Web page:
Is Social Media Making People More Lonely and Anxious?

I came across this excellent video today (on Facebook of all places!) because so many people in my social network were sharing it once. It's always interesting to witness a YouTube viral sensation like this suddenly emerge and then see it everywhere you look online for a few days. I highly recommend watching the video (if you haven't already seen it), it's called "Look Up" (from your smartphone) and it tells a beautiful story through hard-hitting spoken word of how authentic connection and community is being diminished by the apparent lack of emotional intelligence in our technological society.

It's not a secret anymore that the anticipation of someone we know liking our photos on Facebook and the constant buzz of new messages and updates on our smartphones is highly addictive. Each new like, tweet or push notification buzz gives us an injection of dopamine in our brains that can trap us in compulsive feedback loops and create a constant desire to share and promote ourselves online.

The result of this mobile revolution is a new dis-ease in the privileged world: status anxiety and the need to validate our existence by sharing it on social networks.

Fortunately, by recognizing the problem we can start to control and overcome it. We can still thrive in this new digital landscape and have fun sharing with our friends online as long as we also make the time to regularly spend quality time with our close friends and family while also making the effort to be meaningfully involved in our local communities.

The irony of the technological transformation going on in our society is that it is making many people more anti-social and distracted at exactly the time when focused creativity, social leadership and emotional intelligence are the skills most heavily compensated in the economy. In today's digital economy, robots can do the repetitive stuff but people are still desperately needed to sell, influence, tell stories, engage, lead and connect everyone together.

Sociological research shows we are basically incapable of having a meaningful social circle larger than 150 people. This is known as Dunbar's Number. Yet, most of us have 3-5 times that number of people on Facebook. It's great to have a large network of acquaintances and business contacts, but to stay happy and meaningfully connected we need to cultivate a tight inner circle, with which we can comfortably talk about our problems and feelings.

Why We Need A Community That Supports Us

In my opinion, the single most important factor for success and happiness in life is having a strong community that we support and it supports us back.

I have lived in both developed countries like United States and Canada and developing nations like Thailand, Costa Rica and Chile. There is a huge difference instantly felt in the sense of community between developed and developing countries. In poorer countries, people earn much less money and have less economic security so they are much more dependent on their family for survival. This makes family very important and multiple generations of a family often live under the same roof because there is no other option.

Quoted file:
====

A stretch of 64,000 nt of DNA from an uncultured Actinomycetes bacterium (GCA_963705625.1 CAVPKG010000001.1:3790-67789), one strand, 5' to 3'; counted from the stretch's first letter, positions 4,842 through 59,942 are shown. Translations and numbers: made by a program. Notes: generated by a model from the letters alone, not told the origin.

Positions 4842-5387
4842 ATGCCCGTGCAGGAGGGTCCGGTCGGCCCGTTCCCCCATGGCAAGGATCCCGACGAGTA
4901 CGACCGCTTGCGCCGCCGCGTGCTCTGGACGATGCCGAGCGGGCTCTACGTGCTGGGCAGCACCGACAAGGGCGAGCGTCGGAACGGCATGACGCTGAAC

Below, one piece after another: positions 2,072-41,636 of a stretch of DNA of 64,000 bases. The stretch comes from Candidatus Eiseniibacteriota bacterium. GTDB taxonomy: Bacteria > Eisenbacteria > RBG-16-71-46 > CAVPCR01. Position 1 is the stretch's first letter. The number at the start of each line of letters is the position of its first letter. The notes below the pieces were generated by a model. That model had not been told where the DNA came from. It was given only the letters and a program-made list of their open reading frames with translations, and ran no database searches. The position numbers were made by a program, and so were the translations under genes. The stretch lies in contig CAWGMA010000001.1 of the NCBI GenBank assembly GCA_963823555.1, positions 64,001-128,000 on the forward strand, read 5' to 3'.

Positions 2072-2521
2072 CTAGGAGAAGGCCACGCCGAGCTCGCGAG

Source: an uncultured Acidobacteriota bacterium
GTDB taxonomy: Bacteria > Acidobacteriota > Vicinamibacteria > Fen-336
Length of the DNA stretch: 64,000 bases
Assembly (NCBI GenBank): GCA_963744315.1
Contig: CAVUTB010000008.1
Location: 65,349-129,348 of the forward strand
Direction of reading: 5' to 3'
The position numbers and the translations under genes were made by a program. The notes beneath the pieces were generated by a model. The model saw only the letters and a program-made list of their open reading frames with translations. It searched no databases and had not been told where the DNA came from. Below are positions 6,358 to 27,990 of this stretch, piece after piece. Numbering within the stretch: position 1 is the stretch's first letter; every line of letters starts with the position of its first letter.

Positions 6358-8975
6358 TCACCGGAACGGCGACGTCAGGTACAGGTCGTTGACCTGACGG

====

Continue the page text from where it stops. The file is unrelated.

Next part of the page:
In contrast, in Canada or the United States the individualistic ideal is to be independent of your family and able to support yourself -- which is not necessarily a bad thing because it creates enormous freedom -- but it can cause incredible alienation and loneliness if we don't take the time and effort to cultivate strong relationships and engage in our community.

The (often) superficial relationships we have through work and social media are not an effective substitute for face-to-face connections. We absolutely need people in our lives who we can feel vulnerable around and share our deepest emotions without fear of judgement.

The Innovation of Loneliness?

I also recommend you watch this excellent animated video on the Innovation of Loneliness through online social networks. It makes the excellent point that on social media we are creating and self-editing our identity to give a certain kind of impression to other people. We all do it. Whereas, a face-to-face conversation is more fluid and natural because we can't so easily craft and self-edit our identity.

I believe that part of the reason for much of the loneliness and alienation in our society is that we are schooled to be competitive and status seeking. Yet, this creates a race to nowhere because the "goal posts" of status are always changing in a consumer society. There is never any point of absolute success, wealth or status, so the cycle of consumption and the pursuit of happiness continues relentlessly in an unstoppable loop of self-destruction.

It's important to recognize these tendencies so we can start to overcome them and enjoy the simple things that make our lives meaningful such as loving, laughing and caring for our friends and family. If you want to explore this dynamic of status anxiety deeper, watch Alain de Bottom's thought-provoking documentary Status Anxiety.